Yesterday was a great day on the water. I ran the engine for the first 30 minutes motoring us 5.5-6 knots into a 10 knot breeze. There was no smoke that I could see, but the wind could have quickly dispersed the small amount of smoke that I had while stationary in our calm slip. On the other hand, there was no smoke during the ~10 minutes of idle while we prepared to head out and no smoke when we returned. I let the engine idle for 5 min or so and then revved her up for several seconds just before shut down. I never saw any smoke. I have seen smoke in the past while out on the water, but not every time and I recall it being on calmer days. That video above was from the last time I used the boat prior to yesterday, so it is odd that I did not see any smoke.

The prop should be clean. I sprayed anti-growth paint on it when we launched this spring. Last year I dove and checked the prop which had been underwater for over a year without any of the paint, and it barely had any growth on it. It is a 3 blade prop. I don't think it is over propped, but although I don't know for sure.

Fuel is relatively fresh. A new tank was installed when I bought the boat 2.5 years ago and it is a 12 gallon plastic tank. There is no visible growth and the filters are good. Air filter is good, no restrictions there.

Unfortunately the engine does not have any gauges. I am thinking about installing them. They would give me some piece of mind having a better idea of what is going on. Instead, for now I just stay really in tune with the engine, always listening for any changes in sound, checking exhaust, and running her at a smooth higher RPM. I wish I knew what RPM I'm running it, but I usually target 5-6 knot range in med-light conditions. I've known it's best to run diesels at their 80% capacity range, so I try to avoid idle and low speed. The engine has 2400+ hours on it over 35 years, so I have no idea about its history though. Before I bought the boat, I was concerned about the amount of hours, but I found, like smurphny said, very low hours can mean even more problems.

It is odd that the smoke is inconsistent. Can smoke be from a tiny bit of air still in the lines, but not enough to stall? I bled the lines until no bubbles came out, so I would not think that is the case. I'm going to keep monitoring the engine and exhaust whenever I use it. I might go ahead and buy the proper Yanmar tachometer and install it. The transmission housing has a plug where the tach connects, rather than calibrating one to use off the alternator.
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Old 08-18-2013
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Re: Yanmar 2QM20 Smoke Opinions?

Without a tachometer, it's very possible you've been running at too low an RPM. There's really no way to determine by sound. In fact, these sound really comfortable at 2000 RPM. If you've been running at low RPM there is a possibility that some glazing has occurred and some oil is slipping past the rings. At hull speed, you should ideally be running at around 2600 or so (from 3GM30 specs) or wherever your peak efficiency is on that motor. You can find your torque curves in the service manual.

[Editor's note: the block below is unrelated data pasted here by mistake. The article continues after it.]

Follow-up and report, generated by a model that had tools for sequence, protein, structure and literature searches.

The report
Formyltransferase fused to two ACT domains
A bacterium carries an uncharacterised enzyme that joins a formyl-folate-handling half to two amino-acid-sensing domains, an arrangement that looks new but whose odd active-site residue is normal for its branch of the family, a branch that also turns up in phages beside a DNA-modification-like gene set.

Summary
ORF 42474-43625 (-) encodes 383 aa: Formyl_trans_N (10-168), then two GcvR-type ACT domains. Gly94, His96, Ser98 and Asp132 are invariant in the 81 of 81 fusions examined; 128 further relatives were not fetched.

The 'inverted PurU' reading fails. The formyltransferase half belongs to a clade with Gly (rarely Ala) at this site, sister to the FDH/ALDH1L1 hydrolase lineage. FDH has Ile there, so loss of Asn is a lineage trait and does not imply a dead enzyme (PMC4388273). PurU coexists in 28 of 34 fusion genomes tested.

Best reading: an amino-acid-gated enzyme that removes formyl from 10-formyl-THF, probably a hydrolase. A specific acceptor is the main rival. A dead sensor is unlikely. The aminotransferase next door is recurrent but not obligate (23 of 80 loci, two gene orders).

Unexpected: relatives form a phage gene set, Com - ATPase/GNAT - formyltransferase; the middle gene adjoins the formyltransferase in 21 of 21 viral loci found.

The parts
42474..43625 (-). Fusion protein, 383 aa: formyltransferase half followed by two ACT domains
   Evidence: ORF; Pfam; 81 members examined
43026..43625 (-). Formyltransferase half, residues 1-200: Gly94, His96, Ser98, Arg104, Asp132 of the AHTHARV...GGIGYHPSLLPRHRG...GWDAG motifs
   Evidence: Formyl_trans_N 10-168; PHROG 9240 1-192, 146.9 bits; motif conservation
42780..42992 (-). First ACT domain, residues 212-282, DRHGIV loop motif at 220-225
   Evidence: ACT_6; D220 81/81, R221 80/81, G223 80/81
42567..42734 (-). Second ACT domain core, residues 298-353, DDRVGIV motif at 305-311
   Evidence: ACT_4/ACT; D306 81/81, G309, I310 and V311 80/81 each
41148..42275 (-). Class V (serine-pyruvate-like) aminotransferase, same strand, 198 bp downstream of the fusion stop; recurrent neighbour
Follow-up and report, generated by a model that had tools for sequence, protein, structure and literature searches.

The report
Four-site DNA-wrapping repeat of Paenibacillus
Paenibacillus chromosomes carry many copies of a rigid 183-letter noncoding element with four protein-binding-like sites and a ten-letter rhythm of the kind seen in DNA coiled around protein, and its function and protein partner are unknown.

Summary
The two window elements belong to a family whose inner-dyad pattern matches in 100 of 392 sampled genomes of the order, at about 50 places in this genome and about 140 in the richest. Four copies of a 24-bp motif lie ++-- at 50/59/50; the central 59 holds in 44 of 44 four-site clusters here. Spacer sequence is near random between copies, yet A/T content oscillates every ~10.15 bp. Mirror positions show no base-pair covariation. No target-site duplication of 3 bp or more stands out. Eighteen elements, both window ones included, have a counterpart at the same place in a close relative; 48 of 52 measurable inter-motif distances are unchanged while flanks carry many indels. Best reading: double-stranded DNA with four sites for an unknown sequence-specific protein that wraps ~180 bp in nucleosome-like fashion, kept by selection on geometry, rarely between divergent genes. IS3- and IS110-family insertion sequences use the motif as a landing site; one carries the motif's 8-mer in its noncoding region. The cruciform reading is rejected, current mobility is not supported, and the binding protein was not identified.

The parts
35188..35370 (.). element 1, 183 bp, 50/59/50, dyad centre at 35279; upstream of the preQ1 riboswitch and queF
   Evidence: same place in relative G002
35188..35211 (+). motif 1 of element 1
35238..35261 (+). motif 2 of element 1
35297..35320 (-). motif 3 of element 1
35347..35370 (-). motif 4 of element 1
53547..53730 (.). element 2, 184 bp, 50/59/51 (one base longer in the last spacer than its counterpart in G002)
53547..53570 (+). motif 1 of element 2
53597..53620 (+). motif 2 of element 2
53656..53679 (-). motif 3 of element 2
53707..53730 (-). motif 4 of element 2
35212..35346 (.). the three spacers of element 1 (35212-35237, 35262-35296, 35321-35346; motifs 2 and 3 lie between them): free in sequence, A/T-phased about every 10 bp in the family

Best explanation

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Old 08-18-2013
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Re: Yanmar 2QM20 Smoke Opinions?

Yeah, I would feel much better knowing what RPM I've been running. I came across the Tiny-Tach Design Technology, Inc., Home of the Tiny-Tach - Diesel Tiny-Tach Tachometer and have read lots of good feedback. It looks like a simple installation. I read on another forum that someone was looking for the Yanmar tach for their 2QM20H and their dealer said it isn't made anymore.
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Old 08-18-2013
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Re: Yanmar 2QM20 Smoke Opinions?

Give Mack Boring a call. I think Yanmar panels are still available but, I would imagine, wickedly expensive. You'd probably be better off with an aftermarket product. I have a type B panel and have seen replacements for sale. Sometimes you see them on EBay when people upgrade to the C type. There is also a Yanmar aftermarket panel on EBay that has actual gauges instead of idiot lights. That little unit you linked to looks like it would do the job.
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Old 08-19-2013
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Re: Yanmar 2QM20 Smoke Opinions?

The crankcase breather tube may have a spot where vapors condense and leave some oil to be accumulated, which may be drawn into the intake air stream, causing it to smoke a bit from time to time?

Maybe the valve guides are a bit worn, allowing some oil to be pulled into the intake stream. I think most diesels do not have a throttle plate, as gas engines do, so there may not be that much vacuum in the intake tract to do that?

In any event, it sounds like it is running OK without too much smoke? It would be handy to have a tach, so you can run it at proper RPM's.

Paul T